Eating healthy can give children more energy, sharpen their minds and balance their moods, making them more productive and present at school. With healthy lunchtime habits, your children will be better prepared to tackle the school year!

Valerie Shurley, MS, RD/LD, is a clinical nutrition manager at St. David’s Georgetown Hospital

3-D Mammography at The Breast Center at St. David’s Medical Center Significantly Increases Cancer Detection

In the June 25, 2014 issue of the Journal of the American Medical Association (JAMA), a groundbreaking study was published that found 3-D mammography (also called breast tomosynthesis) screening technology significantly increased cancer detection while simultaneously reducing the number of false positives.

The study, “Breast Cancer Screening Using Tomosynthesis in Combination with Digital Mammography,” reviewed close to half a million mammography exams, and was led by Sarah M. Friedewald, MD of the Caldwell Breast Center, Advocate Lutheran General Hospital in Park Ridge, Illinois.1

Researchers found that 3-D mammography finds significantly more invasive/lethal cancers than a traditional 2-D mammogram. According to the study’s results, 3-D mammography also reduces the number of women called back for unnecessary screenings due to false alarms, thereby reducing anxiety AND health care costs.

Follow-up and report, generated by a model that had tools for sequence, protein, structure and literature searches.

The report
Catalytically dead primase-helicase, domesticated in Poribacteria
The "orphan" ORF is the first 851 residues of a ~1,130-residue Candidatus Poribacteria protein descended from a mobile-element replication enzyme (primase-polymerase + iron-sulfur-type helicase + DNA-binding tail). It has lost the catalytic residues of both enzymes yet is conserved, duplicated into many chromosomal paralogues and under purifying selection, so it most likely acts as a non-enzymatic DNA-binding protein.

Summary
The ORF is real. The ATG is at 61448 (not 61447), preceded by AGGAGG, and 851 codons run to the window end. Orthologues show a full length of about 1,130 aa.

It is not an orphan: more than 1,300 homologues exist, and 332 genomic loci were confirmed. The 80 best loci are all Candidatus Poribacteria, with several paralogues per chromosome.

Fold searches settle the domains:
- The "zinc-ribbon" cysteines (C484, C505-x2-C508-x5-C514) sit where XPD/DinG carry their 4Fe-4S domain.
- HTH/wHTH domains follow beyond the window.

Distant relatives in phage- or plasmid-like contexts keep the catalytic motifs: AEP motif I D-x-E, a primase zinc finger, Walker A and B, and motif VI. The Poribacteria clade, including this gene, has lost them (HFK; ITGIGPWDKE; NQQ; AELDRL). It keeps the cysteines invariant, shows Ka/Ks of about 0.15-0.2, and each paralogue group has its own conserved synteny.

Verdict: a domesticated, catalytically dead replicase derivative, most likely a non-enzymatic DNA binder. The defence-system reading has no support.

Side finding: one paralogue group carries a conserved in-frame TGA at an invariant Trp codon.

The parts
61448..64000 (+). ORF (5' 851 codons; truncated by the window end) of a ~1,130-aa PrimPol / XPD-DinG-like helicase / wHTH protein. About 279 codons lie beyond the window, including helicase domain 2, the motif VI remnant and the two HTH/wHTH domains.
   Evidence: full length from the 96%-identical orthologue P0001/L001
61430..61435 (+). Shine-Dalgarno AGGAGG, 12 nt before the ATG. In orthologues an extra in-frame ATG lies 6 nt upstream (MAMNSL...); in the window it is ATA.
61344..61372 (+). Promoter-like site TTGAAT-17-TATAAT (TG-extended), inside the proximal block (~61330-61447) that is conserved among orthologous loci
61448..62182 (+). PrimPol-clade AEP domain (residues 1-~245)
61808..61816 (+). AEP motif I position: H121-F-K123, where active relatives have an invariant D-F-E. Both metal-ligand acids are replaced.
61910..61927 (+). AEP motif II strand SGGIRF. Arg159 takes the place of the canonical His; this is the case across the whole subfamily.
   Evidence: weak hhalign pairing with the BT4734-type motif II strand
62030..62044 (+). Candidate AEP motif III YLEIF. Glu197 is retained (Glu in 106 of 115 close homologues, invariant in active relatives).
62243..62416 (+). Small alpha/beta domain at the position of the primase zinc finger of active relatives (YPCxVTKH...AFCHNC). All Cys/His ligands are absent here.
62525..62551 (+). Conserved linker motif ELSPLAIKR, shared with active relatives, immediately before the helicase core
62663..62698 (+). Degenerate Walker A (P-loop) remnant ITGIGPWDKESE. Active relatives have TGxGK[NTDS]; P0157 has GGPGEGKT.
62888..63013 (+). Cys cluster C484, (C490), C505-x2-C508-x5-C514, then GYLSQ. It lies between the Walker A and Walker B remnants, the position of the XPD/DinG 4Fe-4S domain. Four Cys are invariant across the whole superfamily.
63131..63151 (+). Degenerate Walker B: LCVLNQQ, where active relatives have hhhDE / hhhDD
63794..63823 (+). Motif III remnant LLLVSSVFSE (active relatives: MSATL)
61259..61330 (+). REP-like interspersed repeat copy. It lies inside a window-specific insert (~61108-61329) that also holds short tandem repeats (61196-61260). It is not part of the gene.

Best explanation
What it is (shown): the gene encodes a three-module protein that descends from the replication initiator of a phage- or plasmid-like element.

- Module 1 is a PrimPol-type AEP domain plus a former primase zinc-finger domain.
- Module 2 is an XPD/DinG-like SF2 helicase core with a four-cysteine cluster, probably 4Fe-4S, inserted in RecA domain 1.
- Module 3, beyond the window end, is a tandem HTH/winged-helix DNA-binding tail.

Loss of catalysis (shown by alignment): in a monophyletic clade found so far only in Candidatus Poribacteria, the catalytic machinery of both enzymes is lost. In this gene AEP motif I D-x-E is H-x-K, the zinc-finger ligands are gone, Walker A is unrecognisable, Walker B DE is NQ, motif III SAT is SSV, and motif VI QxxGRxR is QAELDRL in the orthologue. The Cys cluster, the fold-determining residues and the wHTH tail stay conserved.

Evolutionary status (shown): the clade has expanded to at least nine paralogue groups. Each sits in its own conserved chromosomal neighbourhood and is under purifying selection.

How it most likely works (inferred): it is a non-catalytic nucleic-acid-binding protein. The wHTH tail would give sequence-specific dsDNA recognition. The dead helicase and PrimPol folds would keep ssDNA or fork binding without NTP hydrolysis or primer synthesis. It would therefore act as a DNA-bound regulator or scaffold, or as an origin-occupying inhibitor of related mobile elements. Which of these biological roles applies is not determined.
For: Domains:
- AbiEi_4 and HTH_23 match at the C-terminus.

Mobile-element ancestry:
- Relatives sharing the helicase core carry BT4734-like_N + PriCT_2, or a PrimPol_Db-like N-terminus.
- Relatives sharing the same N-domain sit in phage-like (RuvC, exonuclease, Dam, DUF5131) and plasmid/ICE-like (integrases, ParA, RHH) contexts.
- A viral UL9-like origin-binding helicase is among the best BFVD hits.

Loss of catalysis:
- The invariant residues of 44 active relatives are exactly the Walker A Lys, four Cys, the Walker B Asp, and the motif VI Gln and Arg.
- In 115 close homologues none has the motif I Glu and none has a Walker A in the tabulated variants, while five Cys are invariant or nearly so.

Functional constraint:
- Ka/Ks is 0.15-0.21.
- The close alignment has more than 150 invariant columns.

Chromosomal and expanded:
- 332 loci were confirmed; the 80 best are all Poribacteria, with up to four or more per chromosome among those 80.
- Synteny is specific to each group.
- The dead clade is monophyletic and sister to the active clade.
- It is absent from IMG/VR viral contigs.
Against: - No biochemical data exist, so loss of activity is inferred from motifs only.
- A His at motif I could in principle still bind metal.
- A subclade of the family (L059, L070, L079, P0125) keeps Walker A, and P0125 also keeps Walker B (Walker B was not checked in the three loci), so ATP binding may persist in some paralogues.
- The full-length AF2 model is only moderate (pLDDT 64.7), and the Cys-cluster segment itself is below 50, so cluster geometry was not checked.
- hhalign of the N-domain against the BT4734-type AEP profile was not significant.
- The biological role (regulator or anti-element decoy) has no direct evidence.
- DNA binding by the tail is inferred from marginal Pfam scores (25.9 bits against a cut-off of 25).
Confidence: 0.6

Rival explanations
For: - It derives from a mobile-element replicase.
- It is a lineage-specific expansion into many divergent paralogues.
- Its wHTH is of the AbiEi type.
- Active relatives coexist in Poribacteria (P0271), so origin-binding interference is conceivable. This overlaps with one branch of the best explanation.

Other significant findings include:

  • A 41% increase in the detection of invasive breast cancers
  • A 29% increase in the detection of all breast cancers
  • A 15% decrease in women recalled for additional imaging
  • A 49% increase in Positive Predictive Value (PPV) for a recall
  • A 21% increase in PPV for biopsy
  • No significant change in the detection of ductal carcinoma in situ (DCIS)

This study used Hologic 3-D mammography systems and involved 13 U.S. breast screening sites and 139 radiologists.

The Breast Center at St. David’s Medical Center is committed to early identification and the fight against breast cancer. The Breast Center provides 3-D mammography, the latest in breast screening technology. If you would like to schedule a mammogram, or if you have questions about this important breast health procedure, please call 512.544.8800.
Watch KVUE’s coverage of this study, including an interview with The Breast Center at St. David’s Medical Center’s director of imaging, Dr. Elizabeth Moorehead, M.D.

You may also click here to see JAMA’s full study.

References:
1 Friedewald SM, Rafferty EA, Rose SL, Durand MA, Plecha DM, Greenberg JS, Hayes MK, Copit DS, Carlson KL, Cink TM, Barke LD, Greer LN, Miller DP, Conant EF, Breast Cancer Screening Using Tomosynthesis in Combination with Digital Mammography, JAMA June 25, 2014.

Heart Hospital of Austin Offers Student Athlete Heart Screenings

Hypertrophic cardiomyopathy (HCM) is a serious genetic heart condition in which the heart muscle thickens. It affects 1 in 500 student athletes every year, often without any warning or symptoms, and it is the leading cause of sudden cardiac death in young athletes. While it is relatively easy to detect, it can be fatal if it is not diagnosed and treated.